The Truth About Hormonal Hair Loss, and What You Can Do About It

Are you finding more and more of your hair clogging up your bathtub drain? Well, you’re not alone! At least one in three women experience hair loss at some time in their lives.

An average person sheds about 50 to 100 strands of hair throughout the course of the day. This is all normal! As hair falls out, new hair grows back in to replace them, keeping the number of hairs on your head in balance. However, if you’re noticing your hair coming off in clumps or even—gasp—find a thinning spot on your head, you may be a little uneasy. There are certain factors that can cause more hair to fall out of your head than normal. This situation is known as hair loss, or alopecia.

While there are many potential reasons that lead to hair loss in women, hormonal hair loss is one of the most common! Here’s how your hormone levels can affect hair loss, and what you may be able to do to combat the issue.

All About Menopause

Women who are aging up toward menopause or who are already menopausal may find higher rates of hair loss than younger women. So, why is that?

During menopause, your body produces higher levels of an androgen called testosterone, which may convert to another type of androgen called dihydrotestosterone (DHT). When there is too much DHT in your body, it causes your hair follicles to shrink and stop growing, making them unable to support your hair strands, leading to hair loss. Your body also produces lower levels of estrogen and progesterone during menopause, which are hormones that support hair growth. These hormonal changes are why many women find their hair thinning and falling out during and after this time.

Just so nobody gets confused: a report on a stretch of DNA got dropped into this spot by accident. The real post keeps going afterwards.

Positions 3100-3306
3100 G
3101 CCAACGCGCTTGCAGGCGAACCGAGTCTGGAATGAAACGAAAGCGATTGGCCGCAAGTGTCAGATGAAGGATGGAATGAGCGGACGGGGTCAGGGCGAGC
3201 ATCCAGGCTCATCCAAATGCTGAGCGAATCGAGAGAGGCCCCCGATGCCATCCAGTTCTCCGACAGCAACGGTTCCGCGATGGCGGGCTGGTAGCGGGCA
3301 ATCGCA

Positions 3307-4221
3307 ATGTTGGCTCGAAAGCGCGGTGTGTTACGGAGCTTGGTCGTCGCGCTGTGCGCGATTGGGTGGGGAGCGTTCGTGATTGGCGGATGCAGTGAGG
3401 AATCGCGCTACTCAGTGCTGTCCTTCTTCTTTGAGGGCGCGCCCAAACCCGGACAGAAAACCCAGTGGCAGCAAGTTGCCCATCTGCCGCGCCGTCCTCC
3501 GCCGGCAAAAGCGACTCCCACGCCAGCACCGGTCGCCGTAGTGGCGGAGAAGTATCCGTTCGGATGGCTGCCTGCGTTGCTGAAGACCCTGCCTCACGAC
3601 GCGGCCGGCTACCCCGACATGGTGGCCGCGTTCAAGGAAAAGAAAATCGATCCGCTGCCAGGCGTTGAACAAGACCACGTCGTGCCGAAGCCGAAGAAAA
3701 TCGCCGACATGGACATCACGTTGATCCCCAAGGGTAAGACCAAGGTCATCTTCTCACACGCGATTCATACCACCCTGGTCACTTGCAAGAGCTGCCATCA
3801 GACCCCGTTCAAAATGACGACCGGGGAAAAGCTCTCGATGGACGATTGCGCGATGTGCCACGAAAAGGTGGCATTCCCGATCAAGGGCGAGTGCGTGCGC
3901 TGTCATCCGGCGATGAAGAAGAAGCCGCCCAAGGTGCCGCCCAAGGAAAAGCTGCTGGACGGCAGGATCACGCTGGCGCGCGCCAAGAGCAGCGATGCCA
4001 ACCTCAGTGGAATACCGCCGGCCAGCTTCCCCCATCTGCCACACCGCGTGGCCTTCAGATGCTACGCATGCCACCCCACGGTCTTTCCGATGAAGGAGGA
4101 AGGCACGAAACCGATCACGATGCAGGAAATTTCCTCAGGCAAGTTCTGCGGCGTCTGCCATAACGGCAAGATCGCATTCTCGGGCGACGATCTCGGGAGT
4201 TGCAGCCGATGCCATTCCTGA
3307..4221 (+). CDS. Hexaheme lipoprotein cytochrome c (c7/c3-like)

Pregnancy’s Effect on Your Hair

If you’re pregnant, you’re no stranger to how much your hormone levels are constantly shifting. Certain hormones associated with pregnancy are known to grow hair faster and stronger. Instead of hair loss, many women experience the best hair of their lives during their pregnancy! Unfortunately, these changes are not permanent. As soon as the pregnancy ends, your hormone levels will decline and go back to normal, which may cause sudden hair loss.

Potential Thyroid Conditions

The thyroid—that little gland at the base of your neck, where some have an Adam’s Apple-- is important for the creation of many hormones. One notable hormone, T4, is important for supporting your hair growth. When your thyroid produces too little hormone (hypothyroidism) or too much hormone (hyperthyroidism), your hair may become drier, thinner, and more brittle, leading to hair loss. It’s important to speak to a medical professional if you believe you may have hypo- or hyperthyroidism.

What Can I Do?

So, what can you do about hormonal hair loss? You may find success using DHT blockers in your normal haircare routine. DHT blockers work to inhibit hair follicle shrinking DHT and promote natural hair growth. This can include prescription medication, however there are more natural over the counter remedies that are available. It’s best to consult with your doctor about possibly using a DHT blockers. You can also support your hair growth by using a luxurious scalp treatment such as Camel Glow’s Growth & Shine Hair Oil. This lightweight oil is packed with ingredients that work effectively to nourish and moisturize your hair follicles and help them support the growth of new hair strands.

Daniel M Biah xoxo




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